Then as part of my connection with property, I came across something I thought was a good idea – moving into Oxfordshire – into a property which I had been asked to sell – so we did and I was pregnant so a. we moved and b. we had our daughter in the Radcliffe Hospital in 1979.

 

Village life was beautiful but I wanted to get back to where Alex might become friends with her age group more easily and we ended up coming back into Berkshire near Maidenhead where we all settled into our respective careers and bringing up our dear daughter. The friends she made here at that time are still her friends now – 32 years of friendship!

 

So we’re still here, getting older and having to cope with the ‘getting older’ syndrome particularly when illness creeps into the equation.

 

Roger Panton MBCS CITP

Joined Esso Petroleum in 1964 as Junior Programmer, became member of the system team responsible for HASP. Joint Leasco Software 1970, worked on assignments in Germany (HOAG) Holland (KLM Tropic reservation system), SEALINK ferries, IOW Ferries, Daily Mirror (Night Payroll/Sporting Life). Joined MCS Maidenhead 1976 Shell (Depot transport), BP (Library Management),1982 Joined Guardata delivering secure networks to Financial Networks and ATM’s.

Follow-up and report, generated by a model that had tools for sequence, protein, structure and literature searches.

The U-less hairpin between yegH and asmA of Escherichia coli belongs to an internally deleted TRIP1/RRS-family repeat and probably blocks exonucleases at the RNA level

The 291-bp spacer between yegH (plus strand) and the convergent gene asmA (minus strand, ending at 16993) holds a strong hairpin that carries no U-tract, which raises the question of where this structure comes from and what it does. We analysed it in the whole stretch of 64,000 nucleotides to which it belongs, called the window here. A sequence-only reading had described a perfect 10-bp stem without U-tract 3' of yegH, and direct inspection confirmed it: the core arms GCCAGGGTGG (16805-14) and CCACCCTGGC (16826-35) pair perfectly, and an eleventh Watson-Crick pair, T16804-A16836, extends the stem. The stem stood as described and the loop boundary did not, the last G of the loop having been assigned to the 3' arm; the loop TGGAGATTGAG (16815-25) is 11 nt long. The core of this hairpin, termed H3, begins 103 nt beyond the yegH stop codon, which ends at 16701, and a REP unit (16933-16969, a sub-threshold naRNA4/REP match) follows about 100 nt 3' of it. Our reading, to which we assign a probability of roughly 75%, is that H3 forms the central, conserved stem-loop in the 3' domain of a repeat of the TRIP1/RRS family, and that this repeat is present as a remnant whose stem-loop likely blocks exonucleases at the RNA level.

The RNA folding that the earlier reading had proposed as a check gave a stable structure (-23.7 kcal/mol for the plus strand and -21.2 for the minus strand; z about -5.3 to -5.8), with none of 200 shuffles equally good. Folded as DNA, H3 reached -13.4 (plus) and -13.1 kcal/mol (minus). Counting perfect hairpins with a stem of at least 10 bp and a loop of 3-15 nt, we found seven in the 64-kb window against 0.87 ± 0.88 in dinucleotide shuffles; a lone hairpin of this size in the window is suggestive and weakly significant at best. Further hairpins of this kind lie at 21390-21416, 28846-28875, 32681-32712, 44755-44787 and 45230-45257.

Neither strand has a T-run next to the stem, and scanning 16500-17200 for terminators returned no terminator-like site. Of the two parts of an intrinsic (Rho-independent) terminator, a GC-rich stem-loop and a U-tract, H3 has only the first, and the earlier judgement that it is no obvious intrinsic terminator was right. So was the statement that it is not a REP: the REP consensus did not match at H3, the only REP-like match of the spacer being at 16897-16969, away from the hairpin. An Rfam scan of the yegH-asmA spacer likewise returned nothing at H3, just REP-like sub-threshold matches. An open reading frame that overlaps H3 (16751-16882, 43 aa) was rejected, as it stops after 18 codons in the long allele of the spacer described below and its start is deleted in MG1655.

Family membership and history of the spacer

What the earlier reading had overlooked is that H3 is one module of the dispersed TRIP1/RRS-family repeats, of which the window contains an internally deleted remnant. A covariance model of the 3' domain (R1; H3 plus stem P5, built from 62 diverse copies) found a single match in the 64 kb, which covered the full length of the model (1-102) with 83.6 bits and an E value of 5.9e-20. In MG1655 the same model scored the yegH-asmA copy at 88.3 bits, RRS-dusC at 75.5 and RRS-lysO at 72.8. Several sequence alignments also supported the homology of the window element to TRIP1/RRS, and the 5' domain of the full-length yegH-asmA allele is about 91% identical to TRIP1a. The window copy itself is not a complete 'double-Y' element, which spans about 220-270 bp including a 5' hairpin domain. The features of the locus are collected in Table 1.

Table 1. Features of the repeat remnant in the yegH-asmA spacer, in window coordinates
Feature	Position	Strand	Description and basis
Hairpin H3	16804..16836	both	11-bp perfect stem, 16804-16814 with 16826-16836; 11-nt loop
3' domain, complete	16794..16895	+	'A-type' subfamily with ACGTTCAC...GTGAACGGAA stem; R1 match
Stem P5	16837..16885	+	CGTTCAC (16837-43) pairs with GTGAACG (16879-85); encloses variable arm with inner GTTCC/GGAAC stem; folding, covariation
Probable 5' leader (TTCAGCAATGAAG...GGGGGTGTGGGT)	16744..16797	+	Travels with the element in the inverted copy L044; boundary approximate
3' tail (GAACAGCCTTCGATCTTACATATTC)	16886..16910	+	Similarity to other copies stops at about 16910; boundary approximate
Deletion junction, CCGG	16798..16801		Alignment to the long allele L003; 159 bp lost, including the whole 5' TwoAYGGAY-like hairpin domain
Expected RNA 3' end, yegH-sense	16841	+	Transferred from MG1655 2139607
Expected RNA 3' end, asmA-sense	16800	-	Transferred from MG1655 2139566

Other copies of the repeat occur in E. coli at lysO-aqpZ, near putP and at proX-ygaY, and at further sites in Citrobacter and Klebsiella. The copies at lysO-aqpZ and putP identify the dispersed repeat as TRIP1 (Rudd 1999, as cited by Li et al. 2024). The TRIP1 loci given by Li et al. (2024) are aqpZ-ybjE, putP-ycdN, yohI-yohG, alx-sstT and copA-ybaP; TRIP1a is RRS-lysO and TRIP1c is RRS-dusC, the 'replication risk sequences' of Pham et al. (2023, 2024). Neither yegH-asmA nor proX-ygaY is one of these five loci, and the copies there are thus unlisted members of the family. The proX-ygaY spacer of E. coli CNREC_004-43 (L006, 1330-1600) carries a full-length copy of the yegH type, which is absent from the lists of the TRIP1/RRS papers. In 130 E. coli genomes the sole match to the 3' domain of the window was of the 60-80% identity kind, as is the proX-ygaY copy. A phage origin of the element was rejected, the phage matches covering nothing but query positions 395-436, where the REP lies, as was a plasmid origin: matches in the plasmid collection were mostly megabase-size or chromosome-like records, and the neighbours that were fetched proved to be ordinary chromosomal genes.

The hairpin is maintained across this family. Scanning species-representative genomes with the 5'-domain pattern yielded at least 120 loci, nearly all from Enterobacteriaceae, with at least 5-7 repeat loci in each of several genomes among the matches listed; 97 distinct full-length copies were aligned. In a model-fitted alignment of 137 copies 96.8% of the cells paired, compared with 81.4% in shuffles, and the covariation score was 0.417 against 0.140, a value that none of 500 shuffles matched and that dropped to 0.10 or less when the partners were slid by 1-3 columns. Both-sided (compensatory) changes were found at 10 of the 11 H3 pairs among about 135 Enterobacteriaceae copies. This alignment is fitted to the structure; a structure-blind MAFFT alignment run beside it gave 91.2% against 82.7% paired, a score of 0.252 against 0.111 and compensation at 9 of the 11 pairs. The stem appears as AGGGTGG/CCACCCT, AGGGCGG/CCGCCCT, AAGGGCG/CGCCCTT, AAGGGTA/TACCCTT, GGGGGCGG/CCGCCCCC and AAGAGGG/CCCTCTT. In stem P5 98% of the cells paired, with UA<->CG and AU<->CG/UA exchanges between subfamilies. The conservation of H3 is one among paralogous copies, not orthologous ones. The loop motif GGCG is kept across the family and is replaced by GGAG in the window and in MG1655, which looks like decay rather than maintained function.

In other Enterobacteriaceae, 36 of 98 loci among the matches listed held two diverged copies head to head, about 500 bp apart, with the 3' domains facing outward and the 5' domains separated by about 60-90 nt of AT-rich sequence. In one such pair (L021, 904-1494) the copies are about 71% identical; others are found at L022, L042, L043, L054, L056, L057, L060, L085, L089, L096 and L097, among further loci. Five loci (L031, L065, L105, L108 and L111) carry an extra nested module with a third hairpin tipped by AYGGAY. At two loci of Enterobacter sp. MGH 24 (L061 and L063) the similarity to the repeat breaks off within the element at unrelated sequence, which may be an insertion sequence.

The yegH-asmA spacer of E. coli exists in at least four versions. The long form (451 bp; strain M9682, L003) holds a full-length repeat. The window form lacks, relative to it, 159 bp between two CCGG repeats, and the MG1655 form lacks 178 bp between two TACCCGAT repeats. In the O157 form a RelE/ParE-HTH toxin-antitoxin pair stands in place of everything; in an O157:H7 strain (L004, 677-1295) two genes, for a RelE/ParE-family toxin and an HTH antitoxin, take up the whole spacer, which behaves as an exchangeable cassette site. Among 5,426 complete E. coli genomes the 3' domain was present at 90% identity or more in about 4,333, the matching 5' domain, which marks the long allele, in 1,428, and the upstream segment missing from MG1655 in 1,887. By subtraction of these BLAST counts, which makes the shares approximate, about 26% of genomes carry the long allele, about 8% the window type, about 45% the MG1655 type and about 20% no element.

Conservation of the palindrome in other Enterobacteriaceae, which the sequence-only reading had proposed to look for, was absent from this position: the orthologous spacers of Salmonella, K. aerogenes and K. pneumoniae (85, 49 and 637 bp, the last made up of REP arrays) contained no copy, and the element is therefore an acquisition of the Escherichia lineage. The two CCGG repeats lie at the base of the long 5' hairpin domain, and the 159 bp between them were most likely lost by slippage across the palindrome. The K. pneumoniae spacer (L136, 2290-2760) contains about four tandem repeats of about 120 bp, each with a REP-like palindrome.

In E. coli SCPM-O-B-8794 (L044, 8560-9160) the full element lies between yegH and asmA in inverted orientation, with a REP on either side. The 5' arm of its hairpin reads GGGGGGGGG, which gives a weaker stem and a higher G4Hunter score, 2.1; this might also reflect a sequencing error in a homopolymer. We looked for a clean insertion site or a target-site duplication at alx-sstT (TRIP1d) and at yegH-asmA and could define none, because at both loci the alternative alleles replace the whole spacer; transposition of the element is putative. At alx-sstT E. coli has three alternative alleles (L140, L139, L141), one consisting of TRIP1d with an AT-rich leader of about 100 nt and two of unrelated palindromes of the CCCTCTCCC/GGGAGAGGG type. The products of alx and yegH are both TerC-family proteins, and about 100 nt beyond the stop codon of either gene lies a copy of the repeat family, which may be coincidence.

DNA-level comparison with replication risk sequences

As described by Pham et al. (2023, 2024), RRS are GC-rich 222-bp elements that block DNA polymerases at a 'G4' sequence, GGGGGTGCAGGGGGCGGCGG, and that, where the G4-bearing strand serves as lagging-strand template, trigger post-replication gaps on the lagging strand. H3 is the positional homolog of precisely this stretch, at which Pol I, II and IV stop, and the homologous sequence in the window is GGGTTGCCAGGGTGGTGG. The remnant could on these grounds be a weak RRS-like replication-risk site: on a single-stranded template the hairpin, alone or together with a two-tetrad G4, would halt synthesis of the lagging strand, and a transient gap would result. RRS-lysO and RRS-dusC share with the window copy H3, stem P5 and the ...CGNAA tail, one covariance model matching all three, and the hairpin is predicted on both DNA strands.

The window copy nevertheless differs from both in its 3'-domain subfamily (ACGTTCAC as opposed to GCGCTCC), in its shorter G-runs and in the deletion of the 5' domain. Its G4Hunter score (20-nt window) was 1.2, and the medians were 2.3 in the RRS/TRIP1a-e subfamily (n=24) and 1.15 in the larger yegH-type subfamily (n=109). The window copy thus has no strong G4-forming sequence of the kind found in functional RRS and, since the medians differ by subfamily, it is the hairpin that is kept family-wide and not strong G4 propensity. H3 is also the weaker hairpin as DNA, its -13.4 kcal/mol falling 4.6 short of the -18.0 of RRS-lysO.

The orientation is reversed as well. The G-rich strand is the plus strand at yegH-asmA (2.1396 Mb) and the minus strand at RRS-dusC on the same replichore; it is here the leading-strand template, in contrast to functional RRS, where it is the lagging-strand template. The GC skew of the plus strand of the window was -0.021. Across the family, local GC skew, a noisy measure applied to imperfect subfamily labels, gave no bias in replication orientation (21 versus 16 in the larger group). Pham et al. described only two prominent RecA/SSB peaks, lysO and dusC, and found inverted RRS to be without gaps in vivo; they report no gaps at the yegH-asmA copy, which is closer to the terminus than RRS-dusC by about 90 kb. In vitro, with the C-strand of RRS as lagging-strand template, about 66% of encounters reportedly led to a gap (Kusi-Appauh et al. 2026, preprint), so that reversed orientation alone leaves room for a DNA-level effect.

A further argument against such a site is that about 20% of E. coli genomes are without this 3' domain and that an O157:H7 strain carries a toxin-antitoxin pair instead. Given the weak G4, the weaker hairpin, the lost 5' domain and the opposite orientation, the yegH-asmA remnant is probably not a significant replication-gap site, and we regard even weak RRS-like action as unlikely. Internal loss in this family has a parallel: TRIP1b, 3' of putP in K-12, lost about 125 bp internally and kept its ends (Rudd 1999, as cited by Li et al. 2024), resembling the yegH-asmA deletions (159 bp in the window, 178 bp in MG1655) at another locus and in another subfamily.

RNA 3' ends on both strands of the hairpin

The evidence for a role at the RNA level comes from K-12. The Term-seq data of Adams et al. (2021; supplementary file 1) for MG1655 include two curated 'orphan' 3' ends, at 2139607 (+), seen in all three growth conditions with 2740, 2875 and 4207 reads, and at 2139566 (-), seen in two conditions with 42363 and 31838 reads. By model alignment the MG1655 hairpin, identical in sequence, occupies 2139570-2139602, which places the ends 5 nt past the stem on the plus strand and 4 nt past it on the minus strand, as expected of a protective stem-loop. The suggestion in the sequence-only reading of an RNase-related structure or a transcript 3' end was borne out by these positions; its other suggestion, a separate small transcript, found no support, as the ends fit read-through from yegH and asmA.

1993 installed Cellnet’s(O2) first intranet, SSE’s new gas and electric’s management process, Department of the Environment, Archive Management plan, MOD infrastructure relocation, British Gas, customer marketing DB. Joined Activity Forum 2000, RFU website and membership system and clubs system. This package is hosted and maintained by Activity Form and is used by customers in the UK and USA. Since 2008 play a supporting role in Activity Forum, I thought I would have more spare time but I now am Chairman or Older Persons’ Advisory Forum (www.opaf.org.uk), Maidenhead Neighbourhood Plan, Civic Society.